Looking for ‘Hollywood Chinese’

Move over, Grauman’s. To film lovers, “Hollywood Chinese” has for nearly a century referred to that ersatz Chinese pagoda that boasts among its 210 celebrity footprints Tom Mix’s horse and “Star Wars” robot R2-D2 — but only one Chinese name, John Woo, who was not added until 2002.

Another “Hollywood Chinese” is the cure for that invisibility, however.

Arthur Dong’s lively new documentary spans the history of the overlooked Chinese-American contribution to film, beginning with lost genius Marion Wong, whose 1916 film “The Curse of Quon Gwon” Dong helped restore.

Dong intersperses clips from more than 100 films with interviews of a dozen-plus film icons, including Joan Chen, Nancy Kwan, Wayne Wang and Ang Lee.

Despite the severity of the racism delineated, “Hollywood Chinese” deliberately avoids preachiness.

“I want the audience to have good time — there’s humor, glamour, music,” says Dong, an Oscar- and Emmy-nominated director (“License to Kill,” “Family Fundamentals,” “Coming Out Under Fire”), who also wrote, produced and edited this time around.

“Of all my films, this is the one most made to be seen in a theater — I made this film for film-lovers,” Dong says. “You need the light shining through the celluloid, the energy coming through the screen.”

The documentary has aroused controversy not for its content but for the image in the film’s poster, white actor Paul Muni in yellowface for in the 1937 film “The Good Earth.”

Dong stands by his choice: “It’s important, because yellowface has been one of the main ways that Chinese people have been represented on screen.”

Although yellowface may have disappeared — Rob Schneider’s shocking turn in “Chuck and Larry” notwithstanding — bias is still alive in more subtle ways, Dong says.

In the hit film “Juno,” he notes, Juno’s Asian classmate has a thick accent and yips anti-abortion protests in pidgin. “And this is the only Asian character! What this is saying is that Asians are still foreigners, we’re still not seen as American.”

Just how significant the film’s reclamation of history is can be seen in its extraordinary coup at the Golden Horn Film Festival, the Chinese equivalent of the Oscars. “Hollywood Chinese” was not only selected as the first documentary ever shown opening night, but won best documentary as well, despite being made in English.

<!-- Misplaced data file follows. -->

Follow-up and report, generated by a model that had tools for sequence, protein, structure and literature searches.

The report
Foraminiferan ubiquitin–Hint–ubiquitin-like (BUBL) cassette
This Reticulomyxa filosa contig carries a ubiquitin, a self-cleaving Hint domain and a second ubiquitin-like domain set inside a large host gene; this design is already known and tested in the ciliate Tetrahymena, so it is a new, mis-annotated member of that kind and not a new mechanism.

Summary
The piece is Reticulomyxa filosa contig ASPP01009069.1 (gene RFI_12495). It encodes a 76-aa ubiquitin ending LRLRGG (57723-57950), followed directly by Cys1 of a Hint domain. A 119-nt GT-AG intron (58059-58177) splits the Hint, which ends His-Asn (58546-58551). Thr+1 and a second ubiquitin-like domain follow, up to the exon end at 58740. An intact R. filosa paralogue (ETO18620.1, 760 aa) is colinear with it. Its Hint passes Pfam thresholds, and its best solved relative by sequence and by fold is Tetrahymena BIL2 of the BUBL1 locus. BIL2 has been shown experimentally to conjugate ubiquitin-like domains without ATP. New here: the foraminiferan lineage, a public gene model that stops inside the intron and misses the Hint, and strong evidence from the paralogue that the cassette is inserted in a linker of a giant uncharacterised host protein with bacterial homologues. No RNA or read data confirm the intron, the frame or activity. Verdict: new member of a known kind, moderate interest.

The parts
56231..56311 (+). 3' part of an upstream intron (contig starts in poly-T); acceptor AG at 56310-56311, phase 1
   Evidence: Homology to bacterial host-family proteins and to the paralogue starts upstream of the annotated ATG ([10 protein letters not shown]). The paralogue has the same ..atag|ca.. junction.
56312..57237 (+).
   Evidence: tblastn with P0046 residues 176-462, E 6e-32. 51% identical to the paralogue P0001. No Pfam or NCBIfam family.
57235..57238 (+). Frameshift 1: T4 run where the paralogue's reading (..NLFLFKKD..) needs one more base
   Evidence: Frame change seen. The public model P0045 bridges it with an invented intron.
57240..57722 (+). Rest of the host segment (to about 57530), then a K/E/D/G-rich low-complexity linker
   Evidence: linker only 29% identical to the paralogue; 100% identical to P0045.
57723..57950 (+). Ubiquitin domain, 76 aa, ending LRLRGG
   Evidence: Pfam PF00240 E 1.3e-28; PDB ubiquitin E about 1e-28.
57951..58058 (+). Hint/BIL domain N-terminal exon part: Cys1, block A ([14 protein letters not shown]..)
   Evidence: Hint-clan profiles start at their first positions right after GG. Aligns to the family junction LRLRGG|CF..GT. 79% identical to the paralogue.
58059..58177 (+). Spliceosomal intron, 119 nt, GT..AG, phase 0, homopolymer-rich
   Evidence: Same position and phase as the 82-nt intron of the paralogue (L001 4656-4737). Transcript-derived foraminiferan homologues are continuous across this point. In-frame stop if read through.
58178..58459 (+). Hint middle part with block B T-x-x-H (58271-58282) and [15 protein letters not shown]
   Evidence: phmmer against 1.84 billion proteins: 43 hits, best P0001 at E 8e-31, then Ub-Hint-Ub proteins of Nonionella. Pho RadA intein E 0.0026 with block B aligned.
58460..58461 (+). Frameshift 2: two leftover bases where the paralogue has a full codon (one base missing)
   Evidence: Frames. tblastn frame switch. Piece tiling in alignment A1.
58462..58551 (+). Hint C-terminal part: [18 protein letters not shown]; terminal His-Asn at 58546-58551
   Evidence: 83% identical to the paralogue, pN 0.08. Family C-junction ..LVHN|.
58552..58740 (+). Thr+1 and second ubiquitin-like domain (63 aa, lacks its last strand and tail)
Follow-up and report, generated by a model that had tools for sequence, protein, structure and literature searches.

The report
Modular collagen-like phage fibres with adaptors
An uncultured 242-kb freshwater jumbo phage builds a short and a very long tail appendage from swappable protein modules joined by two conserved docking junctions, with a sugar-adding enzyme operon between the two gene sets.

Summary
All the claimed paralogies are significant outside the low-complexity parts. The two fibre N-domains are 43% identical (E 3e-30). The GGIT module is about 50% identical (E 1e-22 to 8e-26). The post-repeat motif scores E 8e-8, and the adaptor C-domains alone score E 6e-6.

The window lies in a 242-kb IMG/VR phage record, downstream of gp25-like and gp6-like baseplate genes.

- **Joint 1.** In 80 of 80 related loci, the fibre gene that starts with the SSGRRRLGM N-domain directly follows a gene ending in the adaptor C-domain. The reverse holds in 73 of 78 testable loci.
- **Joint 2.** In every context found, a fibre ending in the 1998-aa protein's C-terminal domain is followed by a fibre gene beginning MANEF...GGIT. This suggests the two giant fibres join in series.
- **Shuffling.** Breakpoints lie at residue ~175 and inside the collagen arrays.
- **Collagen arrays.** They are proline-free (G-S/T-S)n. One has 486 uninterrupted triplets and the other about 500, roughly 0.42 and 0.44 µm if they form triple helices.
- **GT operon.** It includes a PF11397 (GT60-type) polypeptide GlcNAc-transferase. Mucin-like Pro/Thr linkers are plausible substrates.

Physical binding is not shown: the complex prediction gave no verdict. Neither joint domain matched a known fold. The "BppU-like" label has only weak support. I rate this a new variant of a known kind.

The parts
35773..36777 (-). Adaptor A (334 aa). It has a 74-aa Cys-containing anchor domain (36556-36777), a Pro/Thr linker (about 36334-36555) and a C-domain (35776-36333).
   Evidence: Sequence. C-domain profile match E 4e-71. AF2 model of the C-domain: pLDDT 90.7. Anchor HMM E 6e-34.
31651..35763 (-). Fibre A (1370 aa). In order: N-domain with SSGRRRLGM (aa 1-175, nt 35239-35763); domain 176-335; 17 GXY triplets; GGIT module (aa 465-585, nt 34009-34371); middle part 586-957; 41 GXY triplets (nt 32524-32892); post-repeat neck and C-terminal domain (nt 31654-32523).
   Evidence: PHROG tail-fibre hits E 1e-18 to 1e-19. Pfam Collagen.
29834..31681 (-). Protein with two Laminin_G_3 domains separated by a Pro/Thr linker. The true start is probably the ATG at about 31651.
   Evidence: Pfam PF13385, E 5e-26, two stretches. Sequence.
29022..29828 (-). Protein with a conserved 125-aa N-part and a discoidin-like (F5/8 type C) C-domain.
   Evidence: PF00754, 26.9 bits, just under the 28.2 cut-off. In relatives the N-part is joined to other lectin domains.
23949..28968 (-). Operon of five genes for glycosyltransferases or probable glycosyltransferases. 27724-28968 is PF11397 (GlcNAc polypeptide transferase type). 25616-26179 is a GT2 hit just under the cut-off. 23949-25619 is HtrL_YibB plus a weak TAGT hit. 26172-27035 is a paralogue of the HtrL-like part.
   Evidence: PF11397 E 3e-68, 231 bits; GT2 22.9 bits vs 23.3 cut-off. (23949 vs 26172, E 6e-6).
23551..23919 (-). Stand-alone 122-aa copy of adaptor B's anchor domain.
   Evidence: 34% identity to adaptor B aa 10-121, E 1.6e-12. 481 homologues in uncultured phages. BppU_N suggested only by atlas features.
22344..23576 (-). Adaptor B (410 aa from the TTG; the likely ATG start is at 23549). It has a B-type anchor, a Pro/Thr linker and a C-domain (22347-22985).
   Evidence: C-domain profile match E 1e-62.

Dong, whose first feature-length film “Sewing Woman” — made while he studied film at San Francisco State University — was nominated for an Oscar, plans to take a break from directing to focus on raising his 5-year-old son.

His hiatus may not last too long, though. He heartfelt commitment is evident in his voice when he says of his son, “He is exactly who I need to make these films for.”

CREDITS

Hollywood Chinese

Starring Joan Chen, Nancy Kwan, Wayne Wang, Ang Lee

Written and directed by Arthur Dong

Not rated

Running time: 1 hour 29 minutes

If you find our journalism valuable and relevant, please consider joining our Examiner membership program.
Find out more at www.sfexaminer.com/join/

Just Posted

Chelsea Hung, who owns Washington Bakery and Restaurant in Chinatown with her mother, said the restaurant is only making about 30 percent of pre-pandemic revenues. (Kevin N. Hume/S.F. Examiner)
Chinatown’s slow recovery has business owners fearing for the future

Lack of outside visitors threatens to push neighborhood into ‘downward spiral’

San Francisco Symphony Music Director Esa-Pekka Salonen and members of the orchestra were thrilled to be back inside Davies Symphony Hall on May 6 in a program for first responders featuring string works by Jean Sibelius, George Walker, Carl Nielsen, Caroline Shaw and Edward Grieg. (Courtesy Stefan Cohen/San Francisco Symphony)
SF Symphony makes joyful return to Davies Hall

Esa-Pekka Salonen conducts program for first responders and community leaders

Students in an after-school community hub move quickly through a social circle as they play a game at the Mission YMCA on Friday, May 7, 2021. (Kevin N. Hume/S.F. Examiner)
Parents scramble for ‘Summer Together’ spaces

City program offering free camps sees high demand, confusion over enrollment

Jazz pianist and composer Jon Jang is an instructor at Community Music Center in the Mission District. (Kevin N. Hume/S.F. Examiner)
Jon Jang composes bittersweet symphonies

Musician-activist’s works are steeped in civil rights history

Keith Doran, left, and the author celebrate a short but successful outing on El Capitan. (Courtesy photo)
Climb on: 50 lessons in 50 years, part 3

Series offers tips for adventurers seeking fulfillment outdoors

Most Read